Divorce is a stressful time when raw emotions can try the patience of even those who are normally known for their ability to be stoic under pressure. Although sitcoms and movies are filled with dramatic divorce battles, most couples would prefer to want to avoid tense negotiations and heated exchanges. In fact, by the time couples actually file for divorce, most just want to deal with the legalities of divorce as quickly as possible and get on with their lives.
If you are divorcing your spouse and you would like to keep the process moving along at an amicable level, here are some tips to help you succeed in this difficult feat.
Unanswered questions, doubts, and accusations often plague each spouse, making the path to divorce very contentious. Seeking counseling on your own can help you work through negative thoughts on your own so that they do not spill out during negotiations with your soon-to-be ex-spouse. A caring counselor can help you begin to move your focus to the future and let go of a difficult or painful past
Set mutual goals
When divorcing spouses can agree on a few major mutual goals, it will be easier to deal with the smaller annoyances along the way. The welfare of shared children is an example of a common major goal that both spouses can generally agree on. By choosing to work together to ensure that their children's lives remain as stable and secure as possible, both during and after the divorce, divorcing spouses can begin to build a different, positive relationship that will make the process easier.
If both parents are devoted to the children, working toward a shared custody arrangement may be best for both parents, as well as the children. For example, some parents may decide to share custody while maintaining homes that are in the same school district or neighborhood. Doing this allows the kids to more easily maintain a close relationship with both parents by making it possible for them to move freely between the two homes on a more frequent basis than a traditional visitation schedule would allow.
In addition to being emotionally healthier for the children, a carefully crafted, mutually agreeable custody agreement can remove much of the stress involved in negotiating child support or deciding who will have primary or physical custody.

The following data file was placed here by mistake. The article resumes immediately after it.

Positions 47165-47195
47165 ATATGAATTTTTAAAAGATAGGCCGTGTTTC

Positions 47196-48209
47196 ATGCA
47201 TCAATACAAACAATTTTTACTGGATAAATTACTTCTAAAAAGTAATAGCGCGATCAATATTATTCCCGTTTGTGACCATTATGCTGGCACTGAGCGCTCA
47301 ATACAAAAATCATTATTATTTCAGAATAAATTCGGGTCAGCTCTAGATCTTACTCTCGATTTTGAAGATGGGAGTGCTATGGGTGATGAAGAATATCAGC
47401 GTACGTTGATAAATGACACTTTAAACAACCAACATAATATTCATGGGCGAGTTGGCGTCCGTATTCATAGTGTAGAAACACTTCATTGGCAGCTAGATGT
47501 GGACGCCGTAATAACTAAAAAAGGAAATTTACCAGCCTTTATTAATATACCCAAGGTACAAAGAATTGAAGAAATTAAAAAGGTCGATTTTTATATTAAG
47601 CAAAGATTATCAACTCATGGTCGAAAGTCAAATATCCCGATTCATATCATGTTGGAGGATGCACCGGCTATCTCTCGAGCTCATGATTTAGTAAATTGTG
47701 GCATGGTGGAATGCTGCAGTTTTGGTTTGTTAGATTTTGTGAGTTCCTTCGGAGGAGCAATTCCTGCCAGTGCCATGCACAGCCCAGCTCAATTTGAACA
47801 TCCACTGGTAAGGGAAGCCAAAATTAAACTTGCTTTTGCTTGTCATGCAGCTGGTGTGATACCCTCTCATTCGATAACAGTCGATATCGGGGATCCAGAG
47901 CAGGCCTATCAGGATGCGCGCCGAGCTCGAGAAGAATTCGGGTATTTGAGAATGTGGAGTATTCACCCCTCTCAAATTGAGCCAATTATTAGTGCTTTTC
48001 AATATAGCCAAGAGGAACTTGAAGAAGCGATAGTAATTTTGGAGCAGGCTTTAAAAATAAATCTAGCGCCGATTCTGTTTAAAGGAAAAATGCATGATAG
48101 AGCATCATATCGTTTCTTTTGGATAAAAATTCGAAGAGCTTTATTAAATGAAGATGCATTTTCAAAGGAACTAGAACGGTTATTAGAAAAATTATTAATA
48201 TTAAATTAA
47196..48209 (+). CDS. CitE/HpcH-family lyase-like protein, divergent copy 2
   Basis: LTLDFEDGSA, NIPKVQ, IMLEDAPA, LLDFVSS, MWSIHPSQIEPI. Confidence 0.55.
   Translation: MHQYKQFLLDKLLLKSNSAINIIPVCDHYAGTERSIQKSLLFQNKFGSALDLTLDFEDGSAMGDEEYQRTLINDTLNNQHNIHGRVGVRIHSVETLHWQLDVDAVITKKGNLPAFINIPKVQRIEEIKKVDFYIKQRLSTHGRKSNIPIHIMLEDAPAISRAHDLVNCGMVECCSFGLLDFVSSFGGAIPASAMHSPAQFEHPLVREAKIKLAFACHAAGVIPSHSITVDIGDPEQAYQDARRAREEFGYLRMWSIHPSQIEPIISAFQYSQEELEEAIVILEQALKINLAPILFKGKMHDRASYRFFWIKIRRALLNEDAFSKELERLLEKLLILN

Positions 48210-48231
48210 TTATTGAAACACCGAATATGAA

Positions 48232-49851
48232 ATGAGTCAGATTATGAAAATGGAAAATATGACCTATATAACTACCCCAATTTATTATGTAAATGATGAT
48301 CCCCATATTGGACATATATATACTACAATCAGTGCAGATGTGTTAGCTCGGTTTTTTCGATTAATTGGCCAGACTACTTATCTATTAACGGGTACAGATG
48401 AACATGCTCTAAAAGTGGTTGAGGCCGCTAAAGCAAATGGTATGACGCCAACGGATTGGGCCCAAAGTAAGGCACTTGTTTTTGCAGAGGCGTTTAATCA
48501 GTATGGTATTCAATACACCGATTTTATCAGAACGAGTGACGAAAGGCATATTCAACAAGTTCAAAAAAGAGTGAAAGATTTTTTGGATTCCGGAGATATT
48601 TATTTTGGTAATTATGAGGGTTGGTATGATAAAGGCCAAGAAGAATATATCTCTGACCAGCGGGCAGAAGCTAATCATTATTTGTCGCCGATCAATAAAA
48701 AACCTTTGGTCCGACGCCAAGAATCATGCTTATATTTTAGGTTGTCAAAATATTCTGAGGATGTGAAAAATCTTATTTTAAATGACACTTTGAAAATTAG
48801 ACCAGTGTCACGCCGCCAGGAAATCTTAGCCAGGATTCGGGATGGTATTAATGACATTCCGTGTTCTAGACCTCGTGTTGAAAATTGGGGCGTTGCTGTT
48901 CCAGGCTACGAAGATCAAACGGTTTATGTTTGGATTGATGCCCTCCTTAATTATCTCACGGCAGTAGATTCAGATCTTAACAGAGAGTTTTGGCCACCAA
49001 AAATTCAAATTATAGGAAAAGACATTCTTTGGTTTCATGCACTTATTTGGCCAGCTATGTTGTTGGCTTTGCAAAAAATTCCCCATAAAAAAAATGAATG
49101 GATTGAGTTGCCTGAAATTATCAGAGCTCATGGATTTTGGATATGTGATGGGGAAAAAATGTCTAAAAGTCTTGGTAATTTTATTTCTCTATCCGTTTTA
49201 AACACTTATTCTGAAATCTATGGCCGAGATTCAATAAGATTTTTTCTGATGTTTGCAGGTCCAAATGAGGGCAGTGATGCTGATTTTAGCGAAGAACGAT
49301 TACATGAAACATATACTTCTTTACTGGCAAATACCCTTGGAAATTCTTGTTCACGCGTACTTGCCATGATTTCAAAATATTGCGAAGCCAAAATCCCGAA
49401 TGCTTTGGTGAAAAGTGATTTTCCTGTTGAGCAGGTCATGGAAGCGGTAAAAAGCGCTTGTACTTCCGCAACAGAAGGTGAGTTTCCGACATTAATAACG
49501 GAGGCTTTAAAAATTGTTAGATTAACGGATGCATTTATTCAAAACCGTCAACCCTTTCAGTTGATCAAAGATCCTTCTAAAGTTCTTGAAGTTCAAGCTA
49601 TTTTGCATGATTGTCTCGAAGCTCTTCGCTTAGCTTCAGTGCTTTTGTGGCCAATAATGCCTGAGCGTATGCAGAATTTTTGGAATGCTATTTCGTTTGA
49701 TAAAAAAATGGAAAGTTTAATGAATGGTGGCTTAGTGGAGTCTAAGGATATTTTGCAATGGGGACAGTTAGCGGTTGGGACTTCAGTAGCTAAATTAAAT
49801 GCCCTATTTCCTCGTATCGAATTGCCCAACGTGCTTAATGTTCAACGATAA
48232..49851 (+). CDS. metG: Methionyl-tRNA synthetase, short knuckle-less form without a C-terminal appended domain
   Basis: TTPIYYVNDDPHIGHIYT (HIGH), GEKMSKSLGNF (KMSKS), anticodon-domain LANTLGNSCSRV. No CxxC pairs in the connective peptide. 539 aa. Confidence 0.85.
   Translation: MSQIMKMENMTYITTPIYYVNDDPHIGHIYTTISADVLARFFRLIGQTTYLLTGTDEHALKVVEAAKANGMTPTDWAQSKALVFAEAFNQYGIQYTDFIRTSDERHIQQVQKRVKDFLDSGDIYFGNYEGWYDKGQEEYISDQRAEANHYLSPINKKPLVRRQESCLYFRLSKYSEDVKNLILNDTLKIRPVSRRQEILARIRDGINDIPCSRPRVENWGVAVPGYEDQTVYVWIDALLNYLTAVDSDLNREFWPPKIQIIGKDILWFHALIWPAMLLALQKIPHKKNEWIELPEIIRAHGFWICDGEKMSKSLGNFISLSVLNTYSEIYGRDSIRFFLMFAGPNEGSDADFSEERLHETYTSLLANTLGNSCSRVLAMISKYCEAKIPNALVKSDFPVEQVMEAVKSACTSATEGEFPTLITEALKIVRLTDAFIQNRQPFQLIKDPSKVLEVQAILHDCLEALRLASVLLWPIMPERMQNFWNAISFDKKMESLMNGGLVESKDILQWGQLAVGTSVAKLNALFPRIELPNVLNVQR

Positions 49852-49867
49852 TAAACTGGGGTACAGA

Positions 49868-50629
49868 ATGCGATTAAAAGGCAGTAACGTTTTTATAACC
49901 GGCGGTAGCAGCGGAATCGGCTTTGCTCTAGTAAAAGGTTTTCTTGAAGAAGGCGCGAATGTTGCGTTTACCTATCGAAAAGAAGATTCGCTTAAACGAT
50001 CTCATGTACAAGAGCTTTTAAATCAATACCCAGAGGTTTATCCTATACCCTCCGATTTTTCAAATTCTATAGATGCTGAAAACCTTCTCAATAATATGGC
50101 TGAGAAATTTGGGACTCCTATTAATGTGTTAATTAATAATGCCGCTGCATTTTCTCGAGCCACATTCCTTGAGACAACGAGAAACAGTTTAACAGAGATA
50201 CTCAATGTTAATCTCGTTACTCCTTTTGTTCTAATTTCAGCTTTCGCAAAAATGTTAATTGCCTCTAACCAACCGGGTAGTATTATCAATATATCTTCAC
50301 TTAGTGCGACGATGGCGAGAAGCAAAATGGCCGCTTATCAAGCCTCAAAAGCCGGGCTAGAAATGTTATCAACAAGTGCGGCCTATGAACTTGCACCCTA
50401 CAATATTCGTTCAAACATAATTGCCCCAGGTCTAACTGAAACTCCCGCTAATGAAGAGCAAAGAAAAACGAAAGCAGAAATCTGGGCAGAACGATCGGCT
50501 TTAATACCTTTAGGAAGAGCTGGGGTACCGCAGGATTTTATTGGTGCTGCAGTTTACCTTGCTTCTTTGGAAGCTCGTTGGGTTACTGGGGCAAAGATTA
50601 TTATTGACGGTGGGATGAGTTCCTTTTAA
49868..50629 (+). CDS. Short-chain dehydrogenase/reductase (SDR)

Be fair with finances
While the urge to clean out the savings account or hide assets is sure to be strong, doing so is both morally and legally wrong. Doing so will also set you up for even more difficult negotiations with your spouse to determine how money, property, and even financial responsibilities for the children, such as education and health care will be divided. Divorcing spouses who keep financial discussions on a fair, businesslike level will be more apt to receive the same type of respect.
Consider other options
If both you and your soon-to-be ex can agree to work together on the terms of your divorce, you may be able to bypass a lengthy court proceeding. In some states, mediation, collaborative divorce, and a few other options can be used instead of a more complicated courtroom battle to obtain a divorce.
Seek independent counsel
Even in situations where both spouses are able to work together to obtain the divorce, it is critically important for both parties to have their own trusted legal counsel. This allows each one to seek advice as issues come up in the negotiations and then use what they learn to make informed decisions.
The first step in achieving an amicable divorce process begins with an honest conversation with your divorce lawyer. By seeking legal counsel as soon as possible, you and your spouse will be better able to deal with the divorce and move ahead to enjoy a happier future.
Contact a law firm like Katzman Logan Halper & Bennett for more information.Share